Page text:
Biographer of the Blessed Thomas More, b. 1496; d. Jan. 4, 1578
Roper, WILLIAM, biographer of the Blessed Thomas More, b. 1496; d. January 4, 1578. Both his father and mother belonged to distinguished legal families. He was educated at one of the English universities, and received his father's office of clerk of the pleas in the Court of King's Bench. He held this post till shortly before his death. When he was about twenty-three he seems to have been taken into Sir Thomas More's household, and he married Margaret, Sir Thomas's eldest daughter, in 1521. Erasmus who saw much of the More family describes him as a young man "who is wealthy, of excellent and modest character and not unacquainted with literature". He became fascinated, however, by the Lutheran doctrine of justification by faith, and professed his heresy so openly as to be summoned before Wolsey. Sir Thomas frequently reasoned with his son-in-law: "Meg", he said to his daughter, "I have borne a long time with thy husband; I have reasoned and argued with him in these points of religion, and still given to him my poor fatherly counsel, but I perceive none of all this able to call him home; and therefore, Meg, I will no longer dispute with him, but will clean give him over and get me to God and pray for him". To these prayers Roper attributed his return to the Faith; henceforth he was an ardent Catholic. He sat in four of Mary's parliaments, twice as member for Rochester and twice as member for Canterbury. His Catholicism got him into difficulties with the Government under Elizabeth and he was summoned before the Council in 1568; in the following year he was bound over to be of good behavior and to appear before the Council when summoned. He does not seem to have been troubled further. His reminiscences of Sir Thomas More were written in the time of Queen Mary nearly twenty years after the events with which they deal, but his relations with his father-in-law had been so close and the impressions he received in that delightful household so vivid, that these rather disjointed notes form a most attractive biography. Roper's "Life" was not printed till 1626, but it was used by the earlier biographers of More, and is the chief authority for his personal history.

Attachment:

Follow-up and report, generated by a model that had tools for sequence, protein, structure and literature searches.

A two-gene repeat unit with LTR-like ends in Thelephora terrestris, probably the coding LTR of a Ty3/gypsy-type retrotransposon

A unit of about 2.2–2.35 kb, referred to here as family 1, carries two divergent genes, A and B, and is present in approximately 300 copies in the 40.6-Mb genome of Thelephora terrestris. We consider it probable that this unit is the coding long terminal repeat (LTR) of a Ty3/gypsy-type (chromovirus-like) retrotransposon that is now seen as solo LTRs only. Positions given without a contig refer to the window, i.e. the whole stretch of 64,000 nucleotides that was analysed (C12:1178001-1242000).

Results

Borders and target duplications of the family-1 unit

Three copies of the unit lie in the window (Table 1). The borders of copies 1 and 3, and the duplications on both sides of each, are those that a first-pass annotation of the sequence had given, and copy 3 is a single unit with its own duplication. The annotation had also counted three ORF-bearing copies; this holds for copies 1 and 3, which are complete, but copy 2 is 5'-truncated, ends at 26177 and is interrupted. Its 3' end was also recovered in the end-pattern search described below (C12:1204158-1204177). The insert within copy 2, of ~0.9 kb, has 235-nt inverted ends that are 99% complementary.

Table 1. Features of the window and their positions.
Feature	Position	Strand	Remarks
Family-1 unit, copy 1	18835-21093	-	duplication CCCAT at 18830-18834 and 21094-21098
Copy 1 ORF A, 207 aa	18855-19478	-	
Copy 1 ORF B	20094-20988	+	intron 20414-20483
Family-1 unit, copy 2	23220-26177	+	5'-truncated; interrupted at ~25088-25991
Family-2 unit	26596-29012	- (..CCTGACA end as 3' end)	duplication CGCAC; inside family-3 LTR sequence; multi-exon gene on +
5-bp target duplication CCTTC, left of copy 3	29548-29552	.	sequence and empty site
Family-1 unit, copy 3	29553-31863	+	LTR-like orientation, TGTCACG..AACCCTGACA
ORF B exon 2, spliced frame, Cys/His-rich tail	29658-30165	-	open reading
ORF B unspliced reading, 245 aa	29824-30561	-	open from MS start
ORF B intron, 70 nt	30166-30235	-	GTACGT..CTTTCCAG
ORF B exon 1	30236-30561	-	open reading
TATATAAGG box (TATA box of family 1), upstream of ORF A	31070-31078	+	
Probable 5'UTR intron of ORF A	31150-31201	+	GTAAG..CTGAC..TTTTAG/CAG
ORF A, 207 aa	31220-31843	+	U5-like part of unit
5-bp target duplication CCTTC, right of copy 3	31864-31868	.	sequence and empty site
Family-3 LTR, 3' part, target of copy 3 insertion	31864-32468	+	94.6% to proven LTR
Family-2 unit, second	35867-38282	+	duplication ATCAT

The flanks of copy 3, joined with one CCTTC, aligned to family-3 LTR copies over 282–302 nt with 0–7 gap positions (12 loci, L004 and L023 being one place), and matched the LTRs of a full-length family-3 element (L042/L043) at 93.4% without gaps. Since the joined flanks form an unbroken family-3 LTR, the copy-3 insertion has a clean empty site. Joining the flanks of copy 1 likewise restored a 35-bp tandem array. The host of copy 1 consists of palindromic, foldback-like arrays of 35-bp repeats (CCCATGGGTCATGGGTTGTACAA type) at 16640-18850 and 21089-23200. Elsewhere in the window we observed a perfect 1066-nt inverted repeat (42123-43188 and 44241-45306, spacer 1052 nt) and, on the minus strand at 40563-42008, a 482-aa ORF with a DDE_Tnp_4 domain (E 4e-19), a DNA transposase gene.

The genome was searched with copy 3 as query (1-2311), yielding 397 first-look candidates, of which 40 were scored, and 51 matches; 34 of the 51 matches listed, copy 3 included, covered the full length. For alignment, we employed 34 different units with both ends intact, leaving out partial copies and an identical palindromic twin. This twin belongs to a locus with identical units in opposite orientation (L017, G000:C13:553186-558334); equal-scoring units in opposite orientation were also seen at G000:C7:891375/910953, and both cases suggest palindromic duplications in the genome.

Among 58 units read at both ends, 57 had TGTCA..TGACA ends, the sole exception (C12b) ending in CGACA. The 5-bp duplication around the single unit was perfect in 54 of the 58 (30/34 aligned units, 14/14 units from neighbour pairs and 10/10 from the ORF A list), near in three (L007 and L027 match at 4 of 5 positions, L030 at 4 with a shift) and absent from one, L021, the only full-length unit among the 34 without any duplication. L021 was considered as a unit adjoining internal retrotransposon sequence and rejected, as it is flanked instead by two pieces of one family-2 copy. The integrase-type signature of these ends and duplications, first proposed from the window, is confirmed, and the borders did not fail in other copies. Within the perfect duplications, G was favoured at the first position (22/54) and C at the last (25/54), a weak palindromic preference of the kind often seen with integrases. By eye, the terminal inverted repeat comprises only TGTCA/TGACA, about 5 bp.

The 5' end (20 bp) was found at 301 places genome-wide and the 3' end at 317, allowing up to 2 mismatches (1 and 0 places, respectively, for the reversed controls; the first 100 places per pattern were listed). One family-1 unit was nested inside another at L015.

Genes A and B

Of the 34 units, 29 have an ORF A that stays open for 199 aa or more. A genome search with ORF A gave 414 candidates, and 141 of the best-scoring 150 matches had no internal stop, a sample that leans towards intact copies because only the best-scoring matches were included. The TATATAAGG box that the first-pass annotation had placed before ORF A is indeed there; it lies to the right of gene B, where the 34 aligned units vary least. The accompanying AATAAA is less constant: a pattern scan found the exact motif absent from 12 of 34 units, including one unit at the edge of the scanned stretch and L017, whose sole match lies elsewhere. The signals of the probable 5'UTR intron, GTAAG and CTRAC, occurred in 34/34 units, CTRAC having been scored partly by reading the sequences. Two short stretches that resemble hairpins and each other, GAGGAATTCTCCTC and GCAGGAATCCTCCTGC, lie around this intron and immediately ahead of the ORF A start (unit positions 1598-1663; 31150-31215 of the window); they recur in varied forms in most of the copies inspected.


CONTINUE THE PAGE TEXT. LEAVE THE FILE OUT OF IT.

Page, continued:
F. F. URQUHART